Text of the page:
I like a theorictical fact proven by are intelectual thought's better than a theory ^.^. I hope you found my thoughts of such a concept intresting, for I did like allway's
 
de budding
 
Reply Fri 23 May, 2008 04:10 pm
@No0ne,
I been pondering the implications of such a 'loop' on freedom recently,
interesting Very Happy
Dan,
 
boagie
 
Reply Sun 25 May, 2008 03:39 pm
@kodiejelly,
kodiejelly,Smile

:)It was my impression that Atman mean't the world soul. Schopenhaurer named his little dog Atman [world soul]. As to the process or devolopement of a personal identity, this is aquired from the context around them at their birth and then there after. I think identity is a very exclusive process, in that, we decern our I or persoanl identity by what we determine is not I. So the limits of famiularity with the content of ones context is the limit of the process of identity formation. Identity is exlcusionary.

:)The ego is what you might say I can do, how talented I am, how much money do I have, it is a self evaluation at any given time, in one context one might feel superior to the other, in another context one might feel ashamed of ones ego [self]. It can cause great difficulties in on going dialogue if the distinction is not made quite clear in the begining.

:)The real self you might say is the essence of life, immutable. Not subject or susceptible to change or variation in form or quality or its nature. As the Upanishads put it, "The Self In One Is The Self In All" so, between the selfs there is no differance.
 
Didymos Thomas
 
Reply Wed 28 May, 2008 02:24 pm
@boagie,
Quote:
It was my impression that Atman mean't the world soul


In Hinduism the word is supposed to mean 'true self'. Of course, what true self is can be debated. Some (in Hinduism) hold a monistic position where the individual atman is identified as Atman, the world soul. Dualists differentiate between the individual Atman and the Paramatman, the Supreme Soul.

Much of this philosophical division in Hinduism comes after Buddhism has already become a dominant religious force in the region and spread to other nations. Sort of like philosophical responses to Buddhist criticism.
 
iconoclast
 
Reply Thu 29 May, 2008 03:19 am
@Didymos Thomas,
We are an evolutioinary animal, experiencing a distinction between self and the outside world that, intellectualized, becomes a fiction. Our body is what we actually are - and this can be demostrated with reference to stroke victims, who having suffered damage to the brain,suffer impairment of thier concept of self. According to Dr. Jonathon Miller, author of 'the Body in Question' (1979), one of his patients thought that the nurses had stuck someone elses arm onto his body, and another thought that his twin brother was sewn to his back.
 
de budding
 
Reply Thu 29 May, 2008 04:14 am
@iconoclast,
When stroke victims suffer damage to the right side of the brain they can sometimes develop Hemingfield Neglect, the condition's symptoms are... losing half your world!?

The patients can't see anything that is to their right (from the center of their on body), but it is not as simple as that because they don't realize it, it's as if they can't comprehend it or it simply doesn't exist. The behavior of patients demonstrates this; one might eat only the food on the Left of his plate not finishing until the plate is turned, shaving only half their face as if it doesn't exist or ignoring people who stand toward the right. Italian neurologist Edoardo Bisiach got patients to imagine and describe a cathedral they all knew very well, on approach from one direction they could only describe the left hand side buildings and details, and claimed not to know of anything other, but when he got them to describe the cathedral and approach as if they were walking from the opposite direction they forgot everything they just described and could only recall what they had previously claimed to not know when aprouching from the opposite direction.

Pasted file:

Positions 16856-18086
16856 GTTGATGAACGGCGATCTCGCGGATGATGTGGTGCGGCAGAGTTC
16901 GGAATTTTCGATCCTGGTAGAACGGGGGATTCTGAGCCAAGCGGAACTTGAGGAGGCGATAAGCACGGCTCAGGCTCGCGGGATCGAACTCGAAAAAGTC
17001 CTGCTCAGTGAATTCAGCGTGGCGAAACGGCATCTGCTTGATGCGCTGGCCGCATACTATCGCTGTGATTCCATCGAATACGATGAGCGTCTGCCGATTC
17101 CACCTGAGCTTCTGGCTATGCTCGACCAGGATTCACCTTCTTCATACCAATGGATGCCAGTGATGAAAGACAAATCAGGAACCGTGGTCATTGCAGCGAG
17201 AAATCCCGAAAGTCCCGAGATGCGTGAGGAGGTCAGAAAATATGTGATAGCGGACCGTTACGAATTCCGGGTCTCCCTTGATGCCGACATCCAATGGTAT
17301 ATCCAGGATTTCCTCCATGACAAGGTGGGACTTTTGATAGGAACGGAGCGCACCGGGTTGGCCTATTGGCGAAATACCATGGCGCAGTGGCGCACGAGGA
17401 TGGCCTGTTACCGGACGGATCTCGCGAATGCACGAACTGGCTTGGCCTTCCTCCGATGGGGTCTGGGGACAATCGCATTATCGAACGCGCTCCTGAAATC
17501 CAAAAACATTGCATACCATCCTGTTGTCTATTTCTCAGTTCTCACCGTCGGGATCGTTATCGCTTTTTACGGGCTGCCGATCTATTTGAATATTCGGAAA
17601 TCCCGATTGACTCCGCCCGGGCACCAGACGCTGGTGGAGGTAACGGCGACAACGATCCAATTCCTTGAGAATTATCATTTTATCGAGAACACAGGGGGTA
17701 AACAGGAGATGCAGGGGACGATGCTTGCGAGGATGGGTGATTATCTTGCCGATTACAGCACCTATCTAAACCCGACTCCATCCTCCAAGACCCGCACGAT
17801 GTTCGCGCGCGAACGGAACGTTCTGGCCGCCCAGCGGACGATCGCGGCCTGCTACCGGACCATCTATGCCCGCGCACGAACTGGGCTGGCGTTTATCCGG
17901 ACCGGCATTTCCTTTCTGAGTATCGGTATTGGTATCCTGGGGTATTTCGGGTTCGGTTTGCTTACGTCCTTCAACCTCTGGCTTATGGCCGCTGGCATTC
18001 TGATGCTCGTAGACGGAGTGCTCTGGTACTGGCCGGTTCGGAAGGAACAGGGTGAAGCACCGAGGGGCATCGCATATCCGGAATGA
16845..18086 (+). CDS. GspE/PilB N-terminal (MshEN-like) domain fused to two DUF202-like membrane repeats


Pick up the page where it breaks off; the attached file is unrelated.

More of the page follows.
I think this demonstrates a huge amount of conscious dependency on the brain.

Dan
 
iconoclast
 
Reply Thu 29 May, 2008 09:37 am
@de budding,
dear all, i didn't realize this space was reserved for young philosophers - which speaks volumes for the high quality of your arguments - or my low standards! all the possibilities must be acknowledged! regards, iconoclast.
 
boagie
 
Reply Fri 30 May, 2008 04:17 pm
@iconoclast,
SmileI second the motion, but perhaps there should not be segregation of the young. At anyrate, if it is to be, I shall refrain from posting here.:eek:
 
simon phil
 
Reply Mon 2 Jun, 2008 07:37 am
@Didymos Thomas,
Consider what you already stated. Supposing there is no individual as such...

Then there is one greater self and we are all aspects of that self. The greater would be hinted at through aspects of the parts and each of the parts would be purely a single perspective of the greater self.

lol I'll try that in english. In your scenario, you have a ball. The greater self. Arranged around that ball are bits of curved glass. Look at the ball from any point through some of the curved glass. That's your individual. If the individual is just an aspect of the greater self, does it matter? If I cease to be, does it matter? In essence if this is the case, we can all cease to be and yet it would make no difference and matter not at all, for the greater self, be we aware of it or not, would continue to be, and in essence, so would we.

Are these the questions you were asking?
 
simon phil
 
Reply Mon 2 Jun, 2008 07:39 am
@boagie,
p.s. Atumn / Atuman and various other spellings - see ancient egyption.